Contractor mulls legal action against Stellies Municipality over awarding of tender

By Nicola Daniels Time of article published Jan 12, 2022

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CAPE TOWN - A local black contractor believes the Stellenbosch Municipality discriminated against his company from Beatrice Nina Group (Pty) when he was disqualified from certain services of a panel tender without concrete reasons, while he had provided the relevant proof he qualified.

Stellenbosch resident Willyford Halala is now consulting his lawyers for possible legal action against the municipality. He claimed his appeal was handled by an official who assumed “multiple conflicting roles” as a member of the Bid Specification Committee, Bid Evaluation Committee and Appeal Authority/Committee, “which placed him in a position where the advice/recommendation he gave in the appeal/review Committee was tainted by a conflict of interest”.

The tender was for pruning, felling and stump-grinding of trees for the period ending June 30, 2024.

Along with five other companies, he was awarded for felling or pruning of trees and emergency pruning or felling of trees but excluded for cutting of Oak trees, felling or pruning under electrical cables and stump grinding, which was only awarded to three companies.

“We were disqualified under category ‘Pruning of felling under electrical cables' whilst we submitted proof of valid ORHVS certificate level 10. We were disqualified under category "Cutting/Pruning Of Oak Trees", whilst we submitted proof of previous experience with Oak trees,” Halala said.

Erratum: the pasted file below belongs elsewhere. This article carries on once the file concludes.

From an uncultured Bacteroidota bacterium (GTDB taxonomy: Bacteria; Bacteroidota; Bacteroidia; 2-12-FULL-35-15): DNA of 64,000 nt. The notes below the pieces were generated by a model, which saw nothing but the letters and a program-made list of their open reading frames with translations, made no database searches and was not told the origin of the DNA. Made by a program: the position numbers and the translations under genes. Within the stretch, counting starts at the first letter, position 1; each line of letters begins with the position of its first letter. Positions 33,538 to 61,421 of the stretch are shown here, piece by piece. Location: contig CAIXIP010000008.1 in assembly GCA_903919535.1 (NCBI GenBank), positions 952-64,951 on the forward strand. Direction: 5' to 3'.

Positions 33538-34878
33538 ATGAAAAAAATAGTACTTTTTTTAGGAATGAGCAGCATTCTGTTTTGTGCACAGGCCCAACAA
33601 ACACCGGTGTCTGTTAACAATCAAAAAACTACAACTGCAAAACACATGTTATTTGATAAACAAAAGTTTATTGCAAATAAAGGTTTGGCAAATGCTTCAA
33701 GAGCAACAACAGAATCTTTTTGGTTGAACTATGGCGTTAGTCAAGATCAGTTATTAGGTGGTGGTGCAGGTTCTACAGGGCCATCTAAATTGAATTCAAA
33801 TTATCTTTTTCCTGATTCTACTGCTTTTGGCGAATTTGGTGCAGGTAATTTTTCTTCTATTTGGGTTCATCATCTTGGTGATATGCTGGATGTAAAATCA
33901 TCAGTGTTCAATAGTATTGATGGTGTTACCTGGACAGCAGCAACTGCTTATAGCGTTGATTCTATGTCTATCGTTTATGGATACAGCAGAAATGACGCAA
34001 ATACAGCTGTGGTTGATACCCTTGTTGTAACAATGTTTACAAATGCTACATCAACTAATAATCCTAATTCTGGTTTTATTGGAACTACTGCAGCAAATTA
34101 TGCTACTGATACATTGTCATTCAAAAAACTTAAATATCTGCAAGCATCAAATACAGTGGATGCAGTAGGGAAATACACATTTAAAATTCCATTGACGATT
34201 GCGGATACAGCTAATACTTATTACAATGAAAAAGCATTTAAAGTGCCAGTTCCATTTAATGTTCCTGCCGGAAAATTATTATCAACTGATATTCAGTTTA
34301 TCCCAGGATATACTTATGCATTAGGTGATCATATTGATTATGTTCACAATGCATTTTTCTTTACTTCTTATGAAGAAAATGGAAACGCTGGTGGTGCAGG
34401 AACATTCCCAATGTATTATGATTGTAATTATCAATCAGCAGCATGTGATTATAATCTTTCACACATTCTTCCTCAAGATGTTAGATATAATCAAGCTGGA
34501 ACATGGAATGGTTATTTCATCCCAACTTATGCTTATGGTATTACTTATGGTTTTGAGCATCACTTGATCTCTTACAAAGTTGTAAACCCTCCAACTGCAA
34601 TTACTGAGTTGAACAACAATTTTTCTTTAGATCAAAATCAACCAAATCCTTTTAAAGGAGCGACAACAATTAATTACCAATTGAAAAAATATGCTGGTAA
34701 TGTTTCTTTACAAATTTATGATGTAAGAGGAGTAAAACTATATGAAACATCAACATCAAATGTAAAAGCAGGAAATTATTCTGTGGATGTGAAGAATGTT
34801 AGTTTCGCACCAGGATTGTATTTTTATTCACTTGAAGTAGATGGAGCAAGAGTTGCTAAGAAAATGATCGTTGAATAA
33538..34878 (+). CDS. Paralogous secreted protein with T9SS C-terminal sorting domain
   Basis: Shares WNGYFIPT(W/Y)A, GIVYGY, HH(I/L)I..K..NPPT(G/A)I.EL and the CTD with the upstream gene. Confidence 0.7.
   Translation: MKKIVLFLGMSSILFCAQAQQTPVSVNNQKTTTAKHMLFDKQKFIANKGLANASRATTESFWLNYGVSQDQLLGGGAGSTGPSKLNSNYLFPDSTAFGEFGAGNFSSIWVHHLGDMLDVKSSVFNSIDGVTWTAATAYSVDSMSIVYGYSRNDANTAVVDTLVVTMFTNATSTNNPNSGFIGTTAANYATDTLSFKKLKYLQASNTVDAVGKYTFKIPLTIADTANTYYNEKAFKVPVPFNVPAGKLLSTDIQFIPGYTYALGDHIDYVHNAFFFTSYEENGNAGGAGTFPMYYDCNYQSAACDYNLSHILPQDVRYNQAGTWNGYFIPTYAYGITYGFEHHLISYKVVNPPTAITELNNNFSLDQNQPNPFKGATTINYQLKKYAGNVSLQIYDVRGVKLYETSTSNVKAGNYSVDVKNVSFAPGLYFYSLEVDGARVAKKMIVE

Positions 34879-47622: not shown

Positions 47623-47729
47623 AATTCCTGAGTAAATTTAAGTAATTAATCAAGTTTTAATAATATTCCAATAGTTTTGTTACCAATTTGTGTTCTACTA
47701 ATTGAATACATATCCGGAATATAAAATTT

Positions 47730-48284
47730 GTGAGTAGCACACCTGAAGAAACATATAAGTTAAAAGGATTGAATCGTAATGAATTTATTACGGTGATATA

“Furthermore, we were disqualified under the stump grinding category whilst we submitted proof of a safety plan approved by our safety consultant. Although the bid required that the safety plan be approved by the Department of Labour. We were unable to secure an approval from the Department because it takes the attitude that this is not within the scope of its legislated mandate. Hence, the conditions about the approval are accordingly incapable of performance in law.”

Along with his appeals, Halala also filed a PAIA application on November 25 to which he only received approval on January 7, this year.

“They are granting it now because they believe they are escaping liability, because when they reach court they can show they had granted it. Why now after all my emails? We are already in possession of the memorandum accidentally sent to us, which they are aware of. That memo shows that we qualified.

“The prejudice to us is blatant, as the decision to disqualify us was unlawful and our rights to a fair and transparent adjudication and appeal process were violated. They wanted to give these specific services in the tender to these three companies, only while the other services were granted to six companies.”

The municipality meanwhile did not directly answer questions around why the Beatrice Nina Group was disqualified but said all tenders followed an open process and the matter was still being looked into.

“All tenders follow an open and competitive tender process in line with the Municipal Finance Management Act 56 of 2003 and as is prescribed by national Supply Chain Management Regulations as well as the municipality’s Supply Chain Management Policy,” said municipality spokesperson Stuart Grobelaar.

He said the official Halala alleged was conflicted, was the senior manager of Community Services, the department that proposed this tender.

“As the manager of the department proposing the tender, he was a member of the Bid Evaluation Committee. The municipality is currently engaging all the relevant stakeholders to reach an amicable resolution on the complaint/objection lodged by the service provider. This process is ongoing and will be finalised and the outcome will be communicated to the service provider,” said Grobelaar.

Cape Times

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